In asylum and criminal deportation and probably all areas of immigration, credibility is the key.
Some of my own techniques for building credibility into a statement include:
- I “read” or “watch” the client’s narrative like a novel or a film. I then ask whatever question springs to mind to make sense of the film I’m watching/novel I’m reading, filling holes in the narrative and providing explanations where needed. To the reader/watcher, there’s a flow to credibility. Stilted accounts can sound like lies. “Flow” feels like truth.
- Google the facts that the client is telling you as you go along. I very frequently (within reason) copy and paste from Google at relevant points in a statement to support what the client is saying and so that the reader immediately understands that the client’s views, thoughts or facts are objectively true.
- Decide how you’re going to portray your client. If, for example, they are well educated, their “voice” in the statement must come across as intelligent, serious and knowledgeable. If on the other hand the client is uneducated and vulnerable, that should come across either in their statement or any witness statements about them.
Remember that you control the words that go into the statement. The facts and words must be true and agreed by the client – but if the client’s or interpreter’s words come across as incoherent or confused, it’s up to you to establish what is being said and make sure those true facts are presented in the statement in a coherent and sensible manner.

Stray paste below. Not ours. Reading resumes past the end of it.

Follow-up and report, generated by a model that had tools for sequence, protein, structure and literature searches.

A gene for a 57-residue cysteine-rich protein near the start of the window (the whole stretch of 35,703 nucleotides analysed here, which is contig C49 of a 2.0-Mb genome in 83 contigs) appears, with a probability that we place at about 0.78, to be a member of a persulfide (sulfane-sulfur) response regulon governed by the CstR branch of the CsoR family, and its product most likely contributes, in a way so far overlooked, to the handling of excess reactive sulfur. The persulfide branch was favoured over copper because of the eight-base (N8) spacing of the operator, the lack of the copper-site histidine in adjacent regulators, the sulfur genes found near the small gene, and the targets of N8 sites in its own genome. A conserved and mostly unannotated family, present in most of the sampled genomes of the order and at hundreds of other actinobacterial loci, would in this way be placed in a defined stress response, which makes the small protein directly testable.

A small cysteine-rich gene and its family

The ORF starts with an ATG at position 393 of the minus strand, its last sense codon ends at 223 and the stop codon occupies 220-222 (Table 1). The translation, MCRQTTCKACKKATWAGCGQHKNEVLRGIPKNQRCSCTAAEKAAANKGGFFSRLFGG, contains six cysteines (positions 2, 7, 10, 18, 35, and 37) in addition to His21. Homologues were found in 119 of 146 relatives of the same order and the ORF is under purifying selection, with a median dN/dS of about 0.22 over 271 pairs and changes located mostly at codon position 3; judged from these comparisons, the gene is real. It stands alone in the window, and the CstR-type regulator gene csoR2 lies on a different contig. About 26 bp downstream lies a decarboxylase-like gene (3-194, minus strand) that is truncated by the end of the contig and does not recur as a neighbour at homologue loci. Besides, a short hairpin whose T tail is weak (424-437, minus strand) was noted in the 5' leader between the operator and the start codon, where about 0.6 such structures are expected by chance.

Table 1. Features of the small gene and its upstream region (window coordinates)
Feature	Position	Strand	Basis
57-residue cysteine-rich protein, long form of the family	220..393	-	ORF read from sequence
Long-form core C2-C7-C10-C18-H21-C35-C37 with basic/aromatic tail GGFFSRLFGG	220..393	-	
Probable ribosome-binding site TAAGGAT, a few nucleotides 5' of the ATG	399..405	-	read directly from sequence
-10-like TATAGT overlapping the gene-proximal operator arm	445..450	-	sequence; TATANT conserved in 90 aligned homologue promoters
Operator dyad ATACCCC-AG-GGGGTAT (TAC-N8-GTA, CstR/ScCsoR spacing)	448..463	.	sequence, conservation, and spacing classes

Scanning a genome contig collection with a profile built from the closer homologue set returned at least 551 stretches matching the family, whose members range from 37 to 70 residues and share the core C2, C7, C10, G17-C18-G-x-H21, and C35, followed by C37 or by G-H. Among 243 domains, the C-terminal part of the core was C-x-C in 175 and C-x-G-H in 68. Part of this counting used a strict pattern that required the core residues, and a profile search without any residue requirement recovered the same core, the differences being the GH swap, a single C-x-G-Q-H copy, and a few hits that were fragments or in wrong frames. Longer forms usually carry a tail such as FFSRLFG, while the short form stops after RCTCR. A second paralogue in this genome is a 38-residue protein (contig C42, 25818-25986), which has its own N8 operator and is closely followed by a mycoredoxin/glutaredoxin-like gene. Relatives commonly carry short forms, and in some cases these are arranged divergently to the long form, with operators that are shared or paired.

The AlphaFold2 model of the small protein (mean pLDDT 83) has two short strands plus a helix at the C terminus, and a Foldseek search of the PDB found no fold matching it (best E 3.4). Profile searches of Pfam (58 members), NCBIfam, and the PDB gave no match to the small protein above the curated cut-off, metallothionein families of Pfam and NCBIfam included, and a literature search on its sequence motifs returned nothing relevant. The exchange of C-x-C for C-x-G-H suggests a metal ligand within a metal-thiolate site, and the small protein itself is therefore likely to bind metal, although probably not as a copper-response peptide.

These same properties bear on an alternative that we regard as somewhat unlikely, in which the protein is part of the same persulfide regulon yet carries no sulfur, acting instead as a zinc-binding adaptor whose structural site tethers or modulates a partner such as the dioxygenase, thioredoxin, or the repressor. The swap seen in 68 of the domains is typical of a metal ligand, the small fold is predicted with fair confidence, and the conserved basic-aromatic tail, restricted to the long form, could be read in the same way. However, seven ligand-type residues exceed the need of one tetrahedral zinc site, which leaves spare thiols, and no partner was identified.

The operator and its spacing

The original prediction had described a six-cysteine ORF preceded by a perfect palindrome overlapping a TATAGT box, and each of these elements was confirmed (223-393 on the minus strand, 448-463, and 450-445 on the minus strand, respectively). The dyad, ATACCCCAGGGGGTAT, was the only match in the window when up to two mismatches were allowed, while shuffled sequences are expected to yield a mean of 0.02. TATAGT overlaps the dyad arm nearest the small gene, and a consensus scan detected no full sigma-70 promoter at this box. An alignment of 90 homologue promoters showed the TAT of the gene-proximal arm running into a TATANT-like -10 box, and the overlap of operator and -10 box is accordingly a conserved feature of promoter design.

That said, the clients have to live up to the statements. It is pointless writing a statement that comes across as super intellectual for a client who won’t come across like that at interview or at appeal.
Another part of our role is to help the client “educate” the asylum interviewer, caseowner or judge about the specific country situation where relevant. Don’t hesitate to appropriately and helpfully explain, teach and include googled sources.
Remember that the asylum caseowner’s job is (or so it seems) to spot holes in our clients’ accounts and then jump on them to cast doubt on the person’s credibility. It’s our job to foresee potential holes and help the client plug them.
While that exercise helps the client credibly explain themselves, remember also that you’re not a Home Office interviewer trying to catch the client out. You are the client’s advocate, the statement driver, helping them present their protection claim and helping them to get to safety.
Ask questions. Questions are like keys that unlock information. Be really inquisitive. I became a “specialist” in Palestinian asylum cases by asking my clients lots and lots of questions, from the most basic to the most complex (Who is Yasser Arafat? Where is Palestine?). Google as you go along so that you’re educating yourself as well as the decision-maker.
Statements are dynamic and case/person-specific. Enjoy putting them together. Enjoy taking instructions from your clients. Be interested in their lives, in the social and political context in which they were raised.
Great cases don’t walk through your door ready-made. Great cases are built by the lawyer.
PS: Where Article 8 is your strongest element, make them cry.